William Isaacs wrote in his book Dialogue and the Art of Thinking Together (Doubleday, 1999), that many of us fail to have satisfying conversations. The initial frustration is what may be called "crisis of emptiness." This is the early part of the conversation where people engage in the usual impersonal and meaningless chatter.
Isaacs is writing about face to face conversation. However, the same crisis is apparent in eLearning courses. It starts when we write in impersonal tones and factual content omitting valuable human elements.
One technique in eLearning design is to create a "built-in learner self-conversation." It may sound strange to ask learners to have to talk to themselves and respond to their own conversations. However, self-conversation is a normal behavior and aids the learners' thinking and enable them to find meaning in the content.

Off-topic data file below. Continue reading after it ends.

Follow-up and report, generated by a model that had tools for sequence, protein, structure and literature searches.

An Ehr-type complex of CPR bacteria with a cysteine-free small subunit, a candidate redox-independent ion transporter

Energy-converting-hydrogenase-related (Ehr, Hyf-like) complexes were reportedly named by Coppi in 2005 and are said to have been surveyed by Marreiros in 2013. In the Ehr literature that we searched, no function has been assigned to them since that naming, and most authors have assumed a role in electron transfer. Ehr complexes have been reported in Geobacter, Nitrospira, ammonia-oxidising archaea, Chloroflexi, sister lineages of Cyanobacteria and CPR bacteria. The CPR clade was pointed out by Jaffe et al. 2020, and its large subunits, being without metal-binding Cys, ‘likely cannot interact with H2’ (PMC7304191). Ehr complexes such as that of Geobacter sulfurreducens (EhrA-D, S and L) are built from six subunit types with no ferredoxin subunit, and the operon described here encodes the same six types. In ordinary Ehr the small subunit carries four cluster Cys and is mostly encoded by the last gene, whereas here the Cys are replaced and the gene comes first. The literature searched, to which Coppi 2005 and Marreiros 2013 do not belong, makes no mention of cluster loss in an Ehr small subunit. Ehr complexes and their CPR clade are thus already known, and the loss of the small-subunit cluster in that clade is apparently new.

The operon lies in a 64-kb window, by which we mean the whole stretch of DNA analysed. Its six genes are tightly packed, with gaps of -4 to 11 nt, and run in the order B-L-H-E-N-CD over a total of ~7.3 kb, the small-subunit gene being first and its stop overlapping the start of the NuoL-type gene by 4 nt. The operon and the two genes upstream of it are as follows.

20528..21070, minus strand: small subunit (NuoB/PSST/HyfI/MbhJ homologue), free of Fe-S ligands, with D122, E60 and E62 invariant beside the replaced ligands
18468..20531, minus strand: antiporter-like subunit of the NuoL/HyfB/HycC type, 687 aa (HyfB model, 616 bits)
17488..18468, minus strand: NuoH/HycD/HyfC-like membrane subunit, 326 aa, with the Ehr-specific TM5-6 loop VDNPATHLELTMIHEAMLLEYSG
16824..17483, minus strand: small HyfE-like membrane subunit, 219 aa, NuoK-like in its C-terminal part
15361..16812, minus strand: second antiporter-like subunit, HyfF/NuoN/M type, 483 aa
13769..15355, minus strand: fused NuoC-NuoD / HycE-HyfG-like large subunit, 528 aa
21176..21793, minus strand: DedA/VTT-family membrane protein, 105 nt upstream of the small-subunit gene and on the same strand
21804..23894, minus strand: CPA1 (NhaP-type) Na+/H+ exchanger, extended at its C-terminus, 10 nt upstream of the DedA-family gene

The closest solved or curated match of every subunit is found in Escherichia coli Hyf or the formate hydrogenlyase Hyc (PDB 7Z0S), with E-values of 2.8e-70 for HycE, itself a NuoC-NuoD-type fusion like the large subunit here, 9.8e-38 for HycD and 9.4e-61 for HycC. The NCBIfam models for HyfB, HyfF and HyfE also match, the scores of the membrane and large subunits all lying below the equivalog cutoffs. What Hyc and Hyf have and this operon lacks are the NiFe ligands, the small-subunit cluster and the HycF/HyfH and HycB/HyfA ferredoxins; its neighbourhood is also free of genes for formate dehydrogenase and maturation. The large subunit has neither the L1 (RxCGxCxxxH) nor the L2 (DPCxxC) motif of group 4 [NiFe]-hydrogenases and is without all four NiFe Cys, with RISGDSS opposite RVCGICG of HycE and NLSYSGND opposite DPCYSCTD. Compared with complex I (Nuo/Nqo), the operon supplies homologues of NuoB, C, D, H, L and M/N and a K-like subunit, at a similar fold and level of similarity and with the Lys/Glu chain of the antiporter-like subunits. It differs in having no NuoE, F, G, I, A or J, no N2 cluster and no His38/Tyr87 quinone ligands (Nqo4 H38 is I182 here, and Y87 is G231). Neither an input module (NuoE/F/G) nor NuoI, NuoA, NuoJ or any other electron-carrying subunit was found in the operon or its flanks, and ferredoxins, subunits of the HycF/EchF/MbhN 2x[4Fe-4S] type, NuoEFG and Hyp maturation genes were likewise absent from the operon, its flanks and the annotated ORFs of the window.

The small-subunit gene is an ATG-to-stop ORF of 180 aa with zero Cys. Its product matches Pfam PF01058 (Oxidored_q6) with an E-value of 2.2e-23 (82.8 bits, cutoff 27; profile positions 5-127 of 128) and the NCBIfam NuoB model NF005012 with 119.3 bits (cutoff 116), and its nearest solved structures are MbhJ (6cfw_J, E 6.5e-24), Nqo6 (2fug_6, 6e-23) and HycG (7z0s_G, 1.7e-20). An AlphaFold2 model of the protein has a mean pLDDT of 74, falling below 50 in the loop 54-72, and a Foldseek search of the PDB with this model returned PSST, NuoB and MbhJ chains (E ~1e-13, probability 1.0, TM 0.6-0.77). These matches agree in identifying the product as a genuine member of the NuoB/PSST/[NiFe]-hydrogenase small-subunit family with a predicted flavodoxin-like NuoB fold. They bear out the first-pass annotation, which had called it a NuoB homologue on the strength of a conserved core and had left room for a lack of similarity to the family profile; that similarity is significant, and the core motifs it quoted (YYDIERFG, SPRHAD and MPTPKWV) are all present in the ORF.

eLearning Self-Conversation - A Lesson on "Arguments"
How do we introduce the learner to the conversation
The demo here is presented with the permission of Ashford University.
We will be discussing more of the tips in the Story-Based Technical and Compliance eLearning Design Workshop.
- Use a story that is related to the content. In the demo above, we used a decision on the safest way to go to the garage.
- Ask questions of learners to help them consider options.
- Ask the learner to discover how their choices compared to unknown or hidden events or aspects of the story.
- The final step is where learners have a self-conversation. The learners could ask themselves these questions:
a. Why did I choose that option?
b. How does my thought and response match or misalign with the hidden events?
c. What does this mean to me?
To avoid "crisis of emptiness" in your eLearning, try injecting learners' self-conversation.
Ray Jimenez, PhD
"Helping Learners Learn Their Way"http://storytakes.com/output/4585/1327/index.html